> ================================================== ============================
    > Endrun CDMA
    > LOCAL(0) LOCAL(0) 10 l 18 64 377 0.000 0.000 0.015
    > *HOPF_S(0) .CDMA. 0 l 6 16 377 0.000 0.000 0.015
    > Centos 32
    > *eachna .CDMA. 1 u 3 16 377 0.683 -0.004 0.009
    > -tock.usno.navy. .USNO. 1 u 452 1024 377 20.678 1.432 2.822
    > +navobs1.wustl.e .GPS. 1 u 479 1024 377 50.136 -1.513 0.164
    > +time.nist.gov .ACTS. 1 u 471 1024 377 66.528 -1.708 0.156
    > -tick.ucla.edu .GPS. 1 u 432 1024 377 87.372 3.296 0.085
    > Ultra 10
    > *172.29.87.3 .CDMA. 1 u 11 16 377 0.869 -0.016 0.042
    > 172.29.87.15: stratum 2, offset -0.000007, synch distance 0.00783
    > 172.29.87.3: stratum 1, offset -0.000018, synch distance 0.00038, refid 'CDMA'
    > Ultra 80
    > *172.29.87.3 .CDMA. 1 u 4 16 377 0.942 -0.012 0.012
    > 172.29.87.17: stratum 2, offset -0.000038, synch distance 0.00685
    > 172.29.87.3: stratum 1, offset -0.000017, synch distance 0.00038, refid 'CDMA'
    > 44p
    > *172.29.87.3 .CDMA. 1 u 13 16 377 0.809 -0.001 0.016
    > 172.29.87.13: stratum 2, offset -0.000014, synch distance 0.00627
    > 172.29.87.3: stratum 1, offset -0.000018, synch distance 0.00038, refid 'CDMA'
    > Centos 64
    > *172.29.87.3 .CDMA. 1 u 12 16 377 0.664 0.003 0.487
    > 172.29.87.19: stratum 2, offset -0.000009, synch distance 0.00720
    > 172.29.87.3: stratum 1, offset -0.000018, synch distance 0.00038, refid 'CDMA'
    > W2K3 64
    > *172.29.87.3 .CDMA. 1 u 4 16 377 0.734 0.053 0.014
    > 172.29.87.20: stratum 2, offset -0.000060, synch distance 0.00650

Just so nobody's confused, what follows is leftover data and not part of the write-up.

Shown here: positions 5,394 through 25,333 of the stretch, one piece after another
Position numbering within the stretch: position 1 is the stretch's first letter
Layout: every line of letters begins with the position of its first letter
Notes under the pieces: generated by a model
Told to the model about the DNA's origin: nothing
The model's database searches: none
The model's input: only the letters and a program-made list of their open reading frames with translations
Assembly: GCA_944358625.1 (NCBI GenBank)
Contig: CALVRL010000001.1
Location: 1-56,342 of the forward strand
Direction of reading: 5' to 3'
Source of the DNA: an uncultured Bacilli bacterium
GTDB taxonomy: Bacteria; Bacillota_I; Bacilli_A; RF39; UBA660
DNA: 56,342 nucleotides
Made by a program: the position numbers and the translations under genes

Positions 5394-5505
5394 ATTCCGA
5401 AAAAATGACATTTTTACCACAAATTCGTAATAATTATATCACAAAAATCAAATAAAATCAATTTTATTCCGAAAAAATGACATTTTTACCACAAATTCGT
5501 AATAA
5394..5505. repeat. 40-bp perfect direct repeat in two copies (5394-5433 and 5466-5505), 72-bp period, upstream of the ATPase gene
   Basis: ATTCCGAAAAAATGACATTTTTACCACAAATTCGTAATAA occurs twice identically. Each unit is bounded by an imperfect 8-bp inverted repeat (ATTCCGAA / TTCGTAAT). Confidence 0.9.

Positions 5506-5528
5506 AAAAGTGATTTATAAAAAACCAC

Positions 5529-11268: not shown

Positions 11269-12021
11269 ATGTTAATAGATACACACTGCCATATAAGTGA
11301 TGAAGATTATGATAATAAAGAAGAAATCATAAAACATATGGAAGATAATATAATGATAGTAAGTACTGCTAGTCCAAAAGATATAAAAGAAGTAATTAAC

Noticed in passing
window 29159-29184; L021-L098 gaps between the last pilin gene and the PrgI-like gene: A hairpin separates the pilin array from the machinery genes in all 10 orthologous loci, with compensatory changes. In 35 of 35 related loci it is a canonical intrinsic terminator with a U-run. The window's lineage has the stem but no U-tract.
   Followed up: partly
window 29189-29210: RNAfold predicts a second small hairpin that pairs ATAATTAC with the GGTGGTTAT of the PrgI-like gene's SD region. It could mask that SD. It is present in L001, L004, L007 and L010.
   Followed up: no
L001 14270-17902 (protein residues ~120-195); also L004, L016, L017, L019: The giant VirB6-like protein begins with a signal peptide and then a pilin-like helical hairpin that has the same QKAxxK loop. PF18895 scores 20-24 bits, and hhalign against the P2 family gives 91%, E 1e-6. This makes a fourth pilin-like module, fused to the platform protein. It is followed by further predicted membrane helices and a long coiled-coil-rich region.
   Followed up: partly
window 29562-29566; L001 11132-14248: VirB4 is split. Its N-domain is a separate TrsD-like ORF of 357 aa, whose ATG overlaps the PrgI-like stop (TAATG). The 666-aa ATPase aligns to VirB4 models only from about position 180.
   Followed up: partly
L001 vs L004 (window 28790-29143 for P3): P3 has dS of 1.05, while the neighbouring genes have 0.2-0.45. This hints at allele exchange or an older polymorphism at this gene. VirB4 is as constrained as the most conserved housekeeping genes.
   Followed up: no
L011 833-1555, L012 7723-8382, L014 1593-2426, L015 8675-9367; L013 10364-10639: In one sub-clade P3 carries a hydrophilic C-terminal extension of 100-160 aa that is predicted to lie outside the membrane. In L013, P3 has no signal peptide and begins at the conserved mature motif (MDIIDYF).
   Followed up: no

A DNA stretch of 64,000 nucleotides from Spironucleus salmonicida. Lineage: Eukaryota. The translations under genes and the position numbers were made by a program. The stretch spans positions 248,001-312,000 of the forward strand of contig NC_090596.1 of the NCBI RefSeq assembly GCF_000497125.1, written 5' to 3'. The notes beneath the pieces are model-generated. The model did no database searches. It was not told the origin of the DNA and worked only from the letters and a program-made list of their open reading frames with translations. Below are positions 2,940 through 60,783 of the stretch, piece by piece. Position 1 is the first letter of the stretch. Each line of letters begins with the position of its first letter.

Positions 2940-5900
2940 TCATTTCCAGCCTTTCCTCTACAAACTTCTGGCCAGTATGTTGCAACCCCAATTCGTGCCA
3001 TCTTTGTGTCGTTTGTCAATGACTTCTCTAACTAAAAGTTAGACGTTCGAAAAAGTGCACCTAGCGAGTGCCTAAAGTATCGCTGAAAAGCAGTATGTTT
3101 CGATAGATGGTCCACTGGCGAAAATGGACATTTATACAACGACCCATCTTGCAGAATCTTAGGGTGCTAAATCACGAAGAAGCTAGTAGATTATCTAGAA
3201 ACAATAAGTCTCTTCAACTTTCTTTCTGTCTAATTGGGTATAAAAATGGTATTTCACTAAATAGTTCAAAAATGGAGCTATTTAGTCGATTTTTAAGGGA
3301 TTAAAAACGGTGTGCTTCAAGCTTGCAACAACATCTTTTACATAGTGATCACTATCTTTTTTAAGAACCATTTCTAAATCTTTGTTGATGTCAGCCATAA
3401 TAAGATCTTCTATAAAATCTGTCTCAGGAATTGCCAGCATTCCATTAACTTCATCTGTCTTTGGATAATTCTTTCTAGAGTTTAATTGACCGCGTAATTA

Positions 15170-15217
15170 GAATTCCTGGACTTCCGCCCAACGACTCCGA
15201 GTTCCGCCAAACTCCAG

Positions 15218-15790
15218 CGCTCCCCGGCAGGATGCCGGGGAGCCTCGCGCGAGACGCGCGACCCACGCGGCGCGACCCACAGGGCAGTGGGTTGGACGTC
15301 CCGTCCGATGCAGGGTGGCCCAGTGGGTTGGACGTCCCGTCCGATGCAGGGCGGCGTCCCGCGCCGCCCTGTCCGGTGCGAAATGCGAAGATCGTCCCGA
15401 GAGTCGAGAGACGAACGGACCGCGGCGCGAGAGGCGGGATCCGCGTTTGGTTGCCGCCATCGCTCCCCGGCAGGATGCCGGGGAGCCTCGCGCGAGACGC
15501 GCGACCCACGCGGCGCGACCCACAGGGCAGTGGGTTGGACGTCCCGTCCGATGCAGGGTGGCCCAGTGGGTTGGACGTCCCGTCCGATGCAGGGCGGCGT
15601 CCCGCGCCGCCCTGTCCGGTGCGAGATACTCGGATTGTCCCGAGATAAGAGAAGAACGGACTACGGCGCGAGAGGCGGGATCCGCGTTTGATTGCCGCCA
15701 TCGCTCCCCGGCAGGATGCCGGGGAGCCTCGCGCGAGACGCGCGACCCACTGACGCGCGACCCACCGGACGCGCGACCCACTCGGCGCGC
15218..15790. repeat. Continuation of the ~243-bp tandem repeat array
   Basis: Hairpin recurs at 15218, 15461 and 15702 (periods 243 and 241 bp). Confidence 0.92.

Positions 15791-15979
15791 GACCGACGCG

> 172.29.87.3: stratum 1, offset -0.000019, synch distance 0.00038, refid 'CDMA'
    > XP 32 laptop
    > *172.29.87.3 .CDMA. 1 u 7 16 377 0.819 0.468 0.256
    > 172.29.87.12: stratum 2, offset -0.000173, synch distance 0.00655
    > 172.29.87.3: stratum 1, offset -0.000017, synch distance 0.00038, refid 'CDMA'
    >


    --
    William G. Unruh | Canadian Institute for| Tel: +1(604)822-3273
    Physics&Astronomy | Advanced Research | Fax: +1(604)822-5324
    UBC, Vancouver,BC | Program in Cosmology | unruh@physics.ubc.ca
    Canada V6T 1Z1 | and Gravity | www.theory.physics.ubc.ca/

  2. Re: high precision tracking: trying to understand sudden jumps

    Bill Unruh wrote:
    > On Sun, 30 Mar 2008, starlight@binnacle.cx wrote:
    >


    You appear to be quoting an off list reply with no indication of
    permission, although it is just possible that the email gateway
    forwarded it to email subscribers without forwarding it to the usenet
    group proper.

    Incidentally, what he's done is to run together the peers information
    from many machines, so there is only one CDMA source. On the other
    hand, it doesn't look like it is a CDMA appliance, or if it is, it has
    been badly implemented, as I would not expect to see a local clock
    driver on an appliance device.

    The delays are rather large for the paragon of perfection of a network
    that was described.

    He probably needs to be aware that normal applications on the Windows
    boxes will see times with a resolution that is rather poorer than can be